Age – The brain has to reach a certain critical age for the disease to occur. The older you become the higher the risk – 1 in 20 Canadians over age 65 and 1 in 4 of those over age 85 are affected by Alzheimer’s disease. 

Family history and genetics – A very small percentage of people with Alzheimer’s disease (5-7%) has Familial Alzheimer’s disease or FAD (formerly known as “early onset Alzheimer’s disease”). At some point in their family history certain genes mutated and developed the abnormal characteristics that cause FAD. These inherited genes have a powerful influence: if one parent has FAD, each child has a 50 % chance of inheriting the disease, and with two parents with FAD, 75% of their children will go on to develop Alzheimer’s disease in adulthood. 

ApoE4 Gene – This gene is the most important genetic risk factor for the sporadic form of Alzheimer’s disease. ApoE genes regulate the production of a protein that helps carry cholesterol and other fats in the blood to the cells of the body. Of the three variants of the apoE gene (apoE2, apoE3 and apoE4), the apoE4 variant is associated with an increased risk of Alzheimer’s disease.

Female Gender – Twice as many women get Alzheimer’s disease than men. Many believe that it is in a large part a result of the changes to women’s hormones at menopause, in particular the decline of the important hormone estrogen. In the past estrogen was often prescribed to relieve symptoms of menopause and to reduce the risk of developing Alzheimer’s disease. On average, women live longer than men and age is a risk factor. Women are also more prone to diabetes, which is also a risk factor (see below), and recently, a gene was identified that occurs only in women, and appears to somewhat increase the risk for Alzheimer’s disease.

Cardiovascular Disease – All the risk factors for cardiovascular disease (such as high blood pressure and high cholesterol levels) are also risk factors for both Alzheimer’s disease and Vascular Dementia. Strokes and mini-strokes (the latter detected largely through later testing), are also well-accepted risk factors for Alzheimer’s disease and for Vascular Dementia.

Diabetes – It has been known for some time that type 2 (“Adult”) diabetes is a risk factor for Alzheimer’s disease.

Down Syndrome – Almost all individuals with Down syndrome who live into their forties and beyond will develop the abnormal changes in the brain (the plaques and tangles) that characterize Alzheimer’s disease. It is important to note, however that not all people with Down syndrome who develop these brain changes will go on to develop dementia.

Mild Cognitive Impairment (MCI) – In MCI, there is a level of cognitive and/or memory impairment beyond that expected for normal aging but not sufficiently advanced to be called “dementia” or “Alzheimer’s disease.” It is estimated that up to 85% of people with MCI, who are often in their early forties or fifties, will develop Alzheimer’s disease within ten years, making MCI an important risk factor for the disease.

Head injury – Brain injuries at any age, especially repeated concussions, are accepted by most clinicians as risk factors for the later development of Alzheimer’s disease.

Low Levels of Formal Education – Several studies have shown that people who have less than six years of formal education appear to have a higher risk of developing Alzheimer’s disease. It has been assumed that the brain stimulation associated with learning provides a protective effect for the brain; therefore more education provides greater protection. However, new studies challenge this conclusion, and it may be that factors often associated with low educational background, such as unhealthy lifestyle, account for the risk rather than low educational level itself.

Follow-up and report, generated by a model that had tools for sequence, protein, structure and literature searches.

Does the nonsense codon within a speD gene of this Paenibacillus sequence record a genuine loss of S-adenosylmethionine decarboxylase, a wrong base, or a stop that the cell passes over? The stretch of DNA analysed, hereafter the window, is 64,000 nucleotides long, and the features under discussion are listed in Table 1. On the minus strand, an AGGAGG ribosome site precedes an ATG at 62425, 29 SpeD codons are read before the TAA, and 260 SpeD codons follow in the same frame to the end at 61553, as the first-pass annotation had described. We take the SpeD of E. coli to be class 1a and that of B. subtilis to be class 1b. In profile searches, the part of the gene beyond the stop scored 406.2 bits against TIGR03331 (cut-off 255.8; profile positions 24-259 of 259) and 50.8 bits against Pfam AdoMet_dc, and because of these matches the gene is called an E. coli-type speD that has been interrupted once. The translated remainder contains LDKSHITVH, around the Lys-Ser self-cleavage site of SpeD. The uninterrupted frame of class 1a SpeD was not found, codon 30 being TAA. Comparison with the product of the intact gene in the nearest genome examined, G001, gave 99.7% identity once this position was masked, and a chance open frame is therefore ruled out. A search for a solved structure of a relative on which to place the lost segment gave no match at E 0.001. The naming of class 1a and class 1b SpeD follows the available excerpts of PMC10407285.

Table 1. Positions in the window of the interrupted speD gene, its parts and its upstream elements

Other risk factors are:  inflammatory conditions (possibly reflecting immune system malfunction), a history of episodes of clinical depression, stress, and inadequate exercising of the brain. Risk factors that are less firmly established include smoking, excessive alcohol consumption and drug abuse.  Aluminum is no longer regarded as a risk factor although some researchers are still examining whether some people are at risk because their bodies have difficulties in handling foods containing the metals copper, iron, and aluminium.

How do you reduce the risk of getting Alzheimer’s?  Living a healthy lifestyle may help to reduce one’s overall risk of developing Alzheimer’s disease.  A healthy lifestyle includes healthy eating, maintaining a healthy weight, taking part in regular physical activity (which can be quite modest), maintaining normal blood pressure and cholesterol levels and participating in activities that involve socializing and stimulating brain activity.  I have always heard that seniors are encouraged to do cross word puzzles and other activities that will help to stimulate their brains. 

Encourage your parents and grandparents to take care of their health and to be physically active.  Engage them in activities that will stimulate their brains.  Don’t wait until you are their age!  Start doing what you need to do to reduce your risk of getting Alzheimer’s. 

For those of you who are caregivers for people suffering with Alzheimer’s, here are simple strategies that will help you to get through your most demanding days and protect you against caregiver burnout:

  • Schedule mini-workouts throughout the day. Regular exercise not only keeps you fit, it releases endorphins that keep you happy. Ten minute sessions sprinkled over the course of the day are easier to block out than an hour away. Look for library videos, websites, and TV programs to keep your routines varied and motivating.
  • Take time to play. In the early stages of Alzheimer’s disease, include your loved one in short walks, board games, or jigsaw puzzles. Join an online scrabble tournament, practice your golf swing, or master the yo-yo. A daily dose of fun is good medicine, and doesn’t require money, a car, or huge blocks of time.